GPS is certainly becoming more commonplace in the world today, invading cell phones, car navigators, tablets, and media players. However, there is evidence that there is still a gender divide when it comes to approaches to navigation. It is only fair that we ask the question: Is GPS just a "stupid guy thing"?
It is suspected that the male reaction to GPS is hardwired into his Y chromosome. Evolutionists would surmise that it comes from a genetic defect that compensates for another gender based defect, a reluctance to ask for directions.
To help answer this question, we turn to a self proclaimed expert on gender relations, Dave Barry, who once wrote the definitive book on unexplained male tendencies, called Dave Barry's Complete Guide to Guys.
Dave Barry's well reasoned theories suggest that there are three distinct groups of adults: women, men, and guys. Much of the trouble in the modern world comes from guys trying to prove to themselves that they are men. While I'm sure that there a few men who use GPS, I would suggest the vast majority of us are most definitely guys.
Dave Barry once did some field research and discovered a distinct reaction in male and female persons to a GPS device:
We were flying from Chicago to Boston, and while everybody else was reading or sleeping, "Roger" and "Steve," who are both fully grown men, were staring at their GPS devices and periodically informing each other how far we were from the Boston airport. "Roger" would say, "I'm showing 238 miles," and "Steve" would say, "I'm showing 241 miles." Then "Roger" would say, "Now I'm showing 236 miles," and "Steve" would come back with another figure, and so on. My wife, who was confident that the airplane pilot did not need help locating Boston, thought this was the silliest thing she had ever seen. Whereas I thought: I NEED one of those.
If you are a guy like me and are reading this article, you probably have trouble understanding the wife's point of view. Perhaps you have been on a hike, broke out your GPS with digital topographic map, only to have a female member of your party comment "Aren't we just going to follow the trail anyway?". All the guys in the group will then look at her like she is from another planet. Then they realize that is one of those things about the opposite gender that they will *never* understand, but will nonetheless accept.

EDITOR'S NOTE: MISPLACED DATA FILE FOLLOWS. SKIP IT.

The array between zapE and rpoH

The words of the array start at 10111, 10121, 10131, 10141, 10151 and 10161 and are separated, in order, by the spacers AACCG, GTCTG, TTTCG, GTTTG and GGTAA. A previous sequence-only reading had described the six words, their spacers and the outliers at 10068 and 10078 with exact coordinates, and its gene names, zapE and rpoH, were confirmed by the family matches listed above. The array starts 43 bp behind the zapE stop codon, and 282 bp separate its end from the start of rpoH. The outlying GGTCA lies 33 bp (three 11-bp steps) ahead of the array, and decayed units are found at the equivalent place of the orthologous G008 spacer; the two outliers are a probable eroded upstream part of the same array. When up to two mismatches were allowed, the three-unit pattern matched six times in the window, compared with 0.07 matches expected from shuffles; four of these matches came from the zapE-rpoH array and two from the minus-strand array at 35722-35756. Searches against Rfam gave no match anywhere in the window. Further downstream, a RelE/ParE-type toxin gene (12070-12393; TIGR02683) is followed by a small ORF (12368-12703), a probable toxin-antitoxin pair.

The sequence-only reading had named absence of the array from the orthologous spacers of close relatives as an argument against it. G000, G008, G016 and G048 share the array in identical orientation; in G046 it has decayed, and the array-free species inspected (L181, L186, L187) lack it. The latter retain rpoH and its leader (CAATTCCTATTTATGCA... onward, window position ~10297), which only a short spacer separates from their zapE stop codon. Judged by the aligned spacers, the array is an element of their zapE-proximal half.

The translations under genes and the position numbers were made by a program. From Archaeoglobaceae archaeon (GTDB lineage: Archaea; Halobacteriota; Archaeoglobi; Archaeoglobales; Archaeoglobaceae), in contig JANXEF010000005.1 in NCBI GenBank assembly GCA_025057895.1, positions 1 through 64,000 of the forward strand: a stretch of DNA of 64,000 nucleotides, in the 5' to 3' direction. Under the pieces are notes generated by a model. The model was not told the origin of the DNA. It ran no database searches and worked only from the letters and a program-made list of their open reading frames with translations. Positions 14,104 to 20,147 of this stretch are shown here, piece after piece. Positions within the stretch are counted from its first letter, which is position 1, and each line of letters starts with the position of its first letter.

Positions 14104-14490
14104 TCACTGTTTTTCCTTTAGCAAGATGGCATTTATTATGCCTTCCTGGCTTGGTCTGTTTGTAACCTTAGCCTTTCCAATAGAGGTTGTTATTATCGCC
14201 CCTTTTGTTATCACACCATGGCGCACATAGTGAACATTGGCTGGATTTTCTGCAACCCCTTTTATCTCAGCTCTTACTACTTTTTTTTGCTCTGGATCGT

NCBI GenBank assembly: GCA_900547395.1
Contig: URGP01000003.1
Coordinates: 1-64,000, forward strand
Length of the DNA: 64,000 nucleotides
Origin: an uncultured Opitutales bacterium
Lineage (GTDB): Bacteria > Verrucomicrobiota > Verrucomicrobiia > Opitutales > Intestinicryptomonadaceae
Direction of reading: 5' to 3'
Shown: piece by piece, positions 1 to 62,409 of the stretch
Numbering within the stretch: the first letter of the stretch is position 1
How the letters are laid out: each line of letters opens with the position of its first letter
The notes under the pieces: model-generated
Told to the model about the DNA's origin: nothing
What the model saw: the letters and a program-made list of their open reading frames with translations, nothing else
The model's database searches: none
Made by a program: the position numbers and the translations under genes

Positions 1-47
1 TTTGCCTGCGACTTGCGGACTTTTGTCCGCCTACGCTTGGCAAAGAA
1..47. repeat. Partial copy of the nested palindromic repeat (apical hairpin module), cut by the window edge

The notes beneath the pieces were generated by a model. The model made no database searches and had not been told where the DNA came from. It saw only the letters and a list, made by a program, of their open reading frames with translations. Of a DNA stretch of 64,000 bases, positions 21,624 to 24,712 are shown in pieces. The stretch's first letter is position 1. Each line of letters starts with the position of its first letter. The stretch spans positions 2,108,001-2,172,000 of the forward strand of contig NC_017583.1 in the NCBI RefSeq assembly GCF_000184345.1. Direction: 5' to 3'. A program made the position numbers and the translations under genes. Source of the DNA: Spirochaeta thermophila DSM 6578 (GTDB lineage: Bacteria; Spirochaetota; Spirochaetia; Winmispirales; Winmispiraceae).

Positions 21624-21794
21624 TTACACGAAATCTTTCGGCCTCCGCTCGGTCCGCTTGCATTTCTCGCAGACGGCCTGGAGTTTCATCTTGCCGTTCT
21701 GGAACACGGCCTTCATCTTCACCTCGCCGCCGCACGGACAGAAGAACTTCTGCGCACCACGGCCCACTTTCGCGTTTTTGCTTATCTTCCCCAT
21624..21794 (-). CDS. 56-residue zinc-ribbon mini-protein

Surely today, with the variety of gps software on cell phones and other gadgets, some of that gender divide must have been bridged. After all, software like BackCountry Navigator includes (aerial) photography, some icons, and even mentions, the, er, relationship between several waypoints.
A recent survey provided some invaluable insight into this question. I was hoping to discover some of those different insights from men and women through the survey results. The conclusion was staggering. Please ensure that you are not drinking milk when you read this next sentence. The survey revealed conclusively that:
96% of BackCountry Navigator users are male.
If we managed to recruit one of the female users of the software, or perhaps *both* of the female users of the software, they would probably tell me that "It looks like a guy wrote the software." Guilty as charged.
So can we conclude that GPS is just a 'stupid guy thing'? Please comment, particularly if you are a woman. However, the chances that a woman will ever read this article are extremely low.